Julian Assange's extradition blocked by UK judge
A London judge has rejected United States’ request to extradite Julian Assange- the WikiLeaks founder-who was to face espionage charges. The judge stated that extradition would be “oppressive” because of his mental health.
On Monday, Vanessa Baraitser, District Judge, said that Assange could commit suicide if sent to the US. The US government said that it would appeal against the decision.
Prosecutors from the US have indicted the WikiLeaks founder on 17 espionage charges and another charge of computer misuse over WikiLeaks’ publication of leaked diplomatic and military documents a decade ago. The charges carry a maximum sentence of 175 years in prison.
Lawyers of the 49-year-old Assange argues that he was acting as a journalist, and hence is entitled to First Amendment protections of freedom of speech for publishing the leaked documents. These documents exposed US military wrongdoings in Afghanistan and Iraq.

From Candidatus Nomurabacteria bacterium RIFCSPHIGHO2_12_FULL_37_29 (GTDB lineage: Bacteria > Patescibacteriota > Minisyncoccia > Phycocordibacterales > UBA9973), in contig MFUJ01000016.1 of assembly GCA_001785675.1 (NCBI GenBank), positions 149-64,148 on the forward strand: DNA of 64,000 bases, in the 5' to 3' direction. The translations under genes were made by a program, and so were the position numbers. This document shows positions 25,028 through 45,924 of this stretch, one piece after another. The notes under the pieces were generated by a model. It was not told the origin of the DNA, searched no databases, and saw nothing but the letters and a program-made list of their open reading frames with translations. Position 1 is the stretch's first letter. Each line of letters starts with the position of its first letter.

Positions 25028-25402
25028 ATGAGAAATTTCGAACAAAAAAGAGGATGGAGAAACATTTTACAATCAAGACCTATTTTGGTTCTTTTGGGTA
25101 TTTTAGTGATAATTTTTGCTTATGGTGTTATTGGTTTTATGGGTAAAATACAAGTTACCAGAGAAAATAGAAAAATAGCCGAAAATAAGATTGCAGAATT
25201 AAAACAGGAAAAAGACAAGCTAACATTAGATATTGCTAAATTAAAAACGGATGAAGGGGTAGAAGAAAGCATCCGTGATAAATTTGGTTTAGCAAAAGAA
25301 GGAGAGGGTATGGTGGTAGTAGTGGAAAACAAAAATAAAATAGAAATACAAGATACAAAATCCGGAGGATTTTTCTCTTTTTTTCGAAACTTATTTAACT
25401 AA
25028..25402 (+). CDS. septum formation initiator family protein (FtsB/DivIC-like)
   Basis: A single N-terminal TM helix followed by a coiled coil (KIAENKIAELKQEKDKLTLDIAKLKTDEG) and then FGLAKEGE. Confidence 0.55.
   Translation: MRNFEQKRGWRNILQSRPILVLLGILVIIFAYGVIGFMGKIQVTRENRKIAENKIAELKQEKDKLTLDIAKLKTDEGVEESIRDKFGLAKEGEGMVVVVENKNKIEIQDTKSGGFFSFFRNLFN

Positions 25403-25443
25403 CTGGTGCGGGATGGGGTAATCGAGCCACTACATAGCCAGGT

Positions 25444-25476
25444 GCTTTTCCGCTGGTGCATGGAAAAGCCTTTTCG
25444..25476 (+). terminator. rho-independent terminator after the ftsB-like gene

Baraitser rejected defence claims that Assange was protected by free speech guarantees. She added that his conduct, when proven true, would amount to offences in this jurisdiction which would not be protected by his right to “freedom of speech.”
She also added that the 49-year-old Australian suffers from clinical depression, which would worsen by the likely isolation in US prisons.
Assange also has the “intellect and determination” to get around any suicide prevention measures which the authorities could take, added the judge.